'The Three Amigos' to coincide at the 2023 Oscars

The films of Guillermo del Toro, Alfonso Cuarón and Alejandro G. Iñárritu are in the running for an Oscar at the 95th edition of the awards ceremony.

Alejandro G. Iñárritu, Alfonso Cuarón and Guillermo del Toro are regulars at the Oscars. However, this is the second time (the first was in 2007) that the three directors will coincide since all of them were nominated in this 95th edition. Del Toro’s version of Pinocchio is nominated for Best Animated Film, Iñárritu and his Bardo, False Chronicle of Handful of Truths could win Best Cinematography and Alfonso Cuarón is a contender for Best Live-Action Short Film for Le Pupille.

The Mexican trio share a great friendship and affectionately call each other "The Three Amigos." However, Del Toro confessed in a chat the three of them had together at the Film Academy Museum, that lately it seems like their group should be renamed: "This is supposed to be The Three Amigos and it seems more like The Two Amigos."

The three amigos reunite

He was referring to the fact that, during the conversation, Del Toro and Iñárritu were calling the shots, while Cuarón preferred to stay back. It may be because they were all attending a promotional event for Netflix which has the rights to the two friends’ films and he wanted to leave the spotlight to them.

Del Toro and Iñarritu did not disappoint. Both of them fondly criticizing each other and while del Toro said that "Everything Alejandro says is intense!" his friend replied with, "Well, but before I'm done, you've already eaten it!" The banter continued as the conversation went on. Iñarritu said that whenever they talk to each other they always say that the film they release will be their last, something that is never true:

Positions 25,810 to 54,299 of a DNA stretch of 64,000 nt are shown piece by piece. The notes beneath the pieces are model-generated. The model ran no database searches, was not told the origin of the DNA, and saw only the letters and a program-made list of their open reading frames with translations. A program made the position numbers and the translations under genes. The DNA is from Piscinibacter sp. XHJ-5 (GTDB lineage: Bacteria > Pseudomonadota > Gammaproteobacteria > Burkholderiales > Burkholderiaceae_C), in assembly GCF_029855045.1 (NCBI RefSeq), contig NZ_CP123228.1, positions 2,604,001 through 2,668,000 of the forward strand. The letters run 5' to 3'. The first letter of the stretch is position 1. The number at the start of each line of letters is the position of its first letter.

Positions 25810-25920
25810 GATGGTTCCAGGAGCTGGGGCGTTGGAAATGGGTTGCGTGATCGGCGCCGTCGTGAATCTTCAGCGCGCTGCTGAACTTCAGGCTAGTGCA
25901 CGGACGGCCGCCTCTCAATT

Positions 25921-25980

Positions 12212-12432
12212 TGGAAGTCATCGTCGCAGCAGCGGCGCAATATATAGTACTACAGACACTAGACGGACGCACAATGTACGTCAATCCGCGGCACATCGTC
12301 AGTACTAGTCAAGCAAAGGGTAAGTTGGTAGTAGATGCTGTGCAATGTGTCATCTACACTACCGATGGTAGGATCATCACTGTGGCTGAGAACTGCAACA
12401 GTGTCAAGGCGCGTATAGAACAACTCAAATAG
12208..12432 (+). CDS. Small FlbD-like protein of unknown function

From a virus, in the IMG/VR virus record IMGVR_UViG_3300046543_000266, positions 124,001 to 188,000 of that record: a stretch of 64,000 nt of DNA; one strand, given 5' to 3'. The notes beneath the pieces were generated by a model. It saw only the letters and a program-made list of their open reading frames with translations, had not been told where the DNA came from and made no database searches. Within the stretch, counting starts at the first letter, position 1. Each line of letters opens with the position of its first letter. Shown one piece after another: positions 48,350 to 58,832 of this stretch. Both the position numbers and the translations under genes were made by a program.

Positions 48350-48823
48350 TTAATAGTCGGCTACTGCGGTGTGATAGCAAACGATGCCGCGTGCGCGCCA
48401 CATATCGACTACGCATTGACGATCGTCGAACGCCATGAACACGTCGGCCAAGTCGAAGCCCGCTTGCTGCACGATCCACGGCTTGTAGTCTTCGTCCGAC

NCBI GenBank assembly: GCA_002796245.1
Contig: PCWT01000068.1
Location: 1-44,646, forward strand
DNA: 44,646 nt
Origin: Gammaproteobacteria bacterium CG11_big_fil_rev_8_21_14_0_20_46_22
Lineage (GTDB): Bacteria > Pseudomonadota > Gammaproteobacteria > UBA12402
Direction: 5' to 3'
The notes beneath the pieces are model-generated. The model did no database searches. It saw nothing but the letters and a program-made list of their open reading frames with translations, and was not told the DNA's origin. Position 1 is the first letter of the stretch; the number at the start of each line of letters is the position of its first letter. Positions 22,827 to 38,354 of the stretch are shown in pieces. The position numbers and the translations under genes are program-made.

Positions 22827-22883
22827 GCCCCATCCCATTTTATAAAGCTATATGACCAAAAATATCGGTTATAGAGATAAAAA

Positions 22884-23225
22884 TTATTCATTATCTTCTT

Every time we finish a film, we tell ourselves that it's the last one we're going to do, but it ends up being like what happens a lot with Mexicans; if you're with someone in a bar and they say 'one last drink and we're leaving', you know that at least two more bottles are coming.

Then it was time to talk in depth about their films and, therefore, to get serious. Iñárritu kicked off the event by explaining what cinema means to him just after the screening of his latest film, Bardo, false chronicle of a Handful of Truths: "Art exists to free us from pain, and this film has allowed me to free a lot of things. The white beard had to have some advantage."

The importance of death

Alfonso Cuarón shared his sentiment. He asked his friend about the metaphorical or literal death that tends to appear in his movies. His response was forceful in stating that it is a recurring theme in his life:

This recurrence comes from a primal fear, because I have been thinking since I was a child about what it means to stop being present. Later, I decided to imagine what my death would be like, but not for morbid reasons, but because I could give it a deeper meaning.

After this, it was Guillermo del Toro’s turn. He also talked about some qualities that, for the Mexican director, are fundamental when it comes to filmmaking. Among them, he highlighted:

The virtue of disobedience, which I believe is vital; the inalienable right to be fucked up, to be imperfect, which is what characterizes monsters; and, death, which I have been thinking about since I was seven years old.

Del Toro also mentioned his religion. According to him, Cuarón always defined him as a very Catholic filmmaker, something that does not please the creator of Guillermo del Toro's Pinocchio:

Alfonso has told me that I'm a super-Catholic filmmaker, because everyone in my films has to die to be happy, and the truth is that I grew up with that cosmology, so it's part of my bones. The worst thing we have invented is that we have to be 'nice'; we are all complicated.

Complications and deaths could result in "The Three Amigos" posing together with their Oscars on March 12. They could dominate, as they have done for the past two decades, this year’s Oscars ceremony. .